Fani Willis is currently serving as the district attorney for Fulton County, Georgia, encompassing a significant portion of Atlanta. She made history as the inaugural woman to assume this position.
Full name- Fani Taifa Willis
Height- 5 feet 5 inches
Weight- 63 kg
Birthplace-Inglewood, California, United States
Profession-District Attorney of Fulton County
Office-District Attorney of Fulton County since 2021
Fani Willis’ parents are John C. Floyd III, and her mother’s name is unknown. After her parents’ divorce, her mother relocated to California, while Willis predominantly resided with her father. Notably, her father, a former founder of a faction of the Black Panthers, became disenchanted with the movement’s internal conflicts. He later pursued a career in law as a criminal defense attorney.
Fani Willis married Fred Willis in 1996. At the time, Fred was working as a videographer in an additional job. They divorced in 2005.
They have two daughters together.
After earning a cum laude degree in political science from Howard University in 1993, Willis relocated to Atlanta. She pursued her Juris Doctor at Emory University School of Law and successfully graduated in 1996.
Her initial government position involved serving as a solicitor, where she prosecuted misdemeanors and violations of city ordinances. With a career spanning 16 years in the Fulton County district attorney’s office, Fani Willis notably handled the prosecution of the Atlanta Public Schools cheating scandal. As the lead prosecutor in the 2014 to 2015 trial, she, as an assistant district attorney at the time, directed the case against twelve educators accused of manipulating student answers to boost scores on state-administered standardized tests. Subsequently, eleven of them were convicted of racketeering under Georgia’s RICO statute in April 2015.
Transitioning to private practice in 2018, Willis also ran for a position on the Fulton County Superior Court that year, but was unsuccessful. In 2019, she assumed the role of chief municipal judge for South Fulton, Georgia.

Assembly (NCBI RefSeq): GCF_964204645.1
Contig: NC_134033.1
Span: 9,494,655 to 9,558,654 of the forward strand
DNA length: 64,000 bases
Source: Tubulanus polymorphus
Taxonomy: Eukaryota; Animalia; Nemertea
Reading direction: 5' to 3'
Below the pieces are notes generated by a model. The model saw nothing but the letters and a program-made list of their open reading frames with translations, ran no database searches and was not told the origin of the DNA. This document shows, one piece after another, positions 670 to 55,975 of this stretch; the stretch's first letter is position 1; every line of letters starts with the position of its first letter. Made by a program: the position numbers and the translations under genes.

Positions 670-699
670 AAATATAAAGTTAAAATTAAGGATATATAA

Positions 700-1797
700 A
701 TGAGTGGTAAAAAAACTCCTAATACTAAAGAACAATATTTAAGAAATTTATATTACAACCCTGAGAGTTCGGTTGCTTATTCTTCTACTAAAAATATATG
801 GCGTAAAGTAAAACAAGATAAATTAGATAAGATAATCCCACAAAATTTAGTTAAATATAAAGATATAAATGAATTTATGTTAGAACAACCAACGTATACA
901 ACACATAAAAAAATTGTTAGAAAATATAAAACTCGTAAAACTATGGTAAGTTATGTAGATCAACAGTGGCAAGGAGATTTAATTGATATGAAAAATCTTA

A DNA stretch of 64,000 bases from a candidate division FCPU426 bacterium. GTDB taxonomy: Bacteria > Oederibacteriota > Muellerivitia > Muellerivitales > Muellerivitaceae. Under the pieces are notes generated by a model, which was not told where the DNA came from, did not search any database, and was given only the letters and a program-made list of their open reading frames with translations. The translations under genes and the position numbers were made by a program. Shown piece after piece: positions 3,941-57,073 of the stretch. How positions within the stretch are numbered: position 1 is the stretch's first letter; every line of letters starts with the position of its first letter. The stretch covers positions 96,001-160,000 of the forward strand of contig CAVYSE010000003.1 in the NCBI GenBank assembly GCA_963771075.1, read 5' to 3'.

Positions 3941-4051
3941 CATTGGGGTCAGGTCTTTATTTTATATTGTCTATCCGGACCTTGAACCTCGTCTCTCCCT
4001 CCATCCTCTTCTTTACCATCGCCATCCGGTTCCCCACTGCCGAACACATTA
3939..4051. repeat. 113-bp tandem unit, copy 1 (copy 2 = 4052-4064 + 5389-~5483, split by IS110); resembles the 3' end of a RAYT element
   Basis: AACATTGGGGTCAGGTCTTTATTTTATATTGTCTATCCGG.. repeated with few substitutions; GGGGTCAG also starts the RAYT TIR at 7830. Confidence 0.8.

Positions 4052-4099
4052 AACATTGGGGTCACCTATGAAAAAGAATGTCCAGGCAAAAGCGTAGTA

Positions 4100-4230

District attorney of Fulton County
In 2020, Fani Willis secured the position of district attorney for Fulton County after triumphing over Paul Howard Jr., a six-term incumbent and her former supervisor. Notably, in her capacity, she gained recognition for effectively applying Georgia’s RICO statute to prosecute individuals not associated with organized crime. As of 2023, she continues to utilize the same statute in the prosecution of former President Donald Trump and 18 alleged co-conspirators.
Fani Willis has a net worth of 8 million dollars.
DA Fani Willis Defends Special Prosecutor Amid Allegations
On Sunday morning, Fani Willis, the District Attorney of Fulton County, addressed a church congregation in Atlanta. During her emotionally charged speech, she seemed to publicly acknowledge, for the first time, the allegations of an affair made against her last week. Additionally, she passionately defended the special prosecutor she appointed to handle the election interference case involving Donald Trump.
“I hope for y’all this week I don’t look like what I’ve been through,” she joked as she spoke Sunday at the Big Bethel African Methodist Episcopal Church during a service to celebrate Martin Luther King Jr. Day.
In the ongoing Georgia election interference case involving former President Trump, one of his co-defendants, Michael Roman, is seeking to dismiss the indictment against him. He accuses District Attorney Willis of engaging in a romantic relationship with a top prosecutor on the case, Nathan Wade, leading to financial gain for both. Roman’s filing alleges that Willis intentionally failed to disclose this relationship, potentially committing an “act to defraud the public of honest services.” The 127-page document claims that Wade lacks relevant experience but has received approximately $650,000 in legal fees, portraying it as a self-serving arrangement.
Trump’s attorney is considering joining the complaint against Willis. In her recent livestreamed remarks on Sunday, Willis acknowledged being flawed and imperfect, expressing confusion over the scrutiny of her decision to bring in multiple special prosecutors. While not naming Wade, she defended him as a great friend with impeccable credentials, suggesting racial motivations behind the attacks on him.
“I appointed three special counselors. It’s my right to do. Paid them all the same hourly rate,” Willis said. “They only attack one. I hired one white woman: a good personal friend and great lawyer, a superstar, I tell you. I hired one white man: brilliant, my friend, and a great lawyer. And I hired one Black man, another superstar, a great friend, and a great lawyer.”
Willis refrained from explicitly denying or directly addressing the allegations of an inappropriate relationship with Wade. Instead, she chose to emphasize Wade’s professional qualifications, underscoring his extensive résumé. Willis pointed out that Wade received a higher salary when hired by a Republican in another county, highlighting his diverse experience as a prosecutor, criminal defense lawyer, and special assistant attorney general.
“Isn’t it them playing the race card when they only question one?” she said.
“I am tired of being treated cruelly,” she said.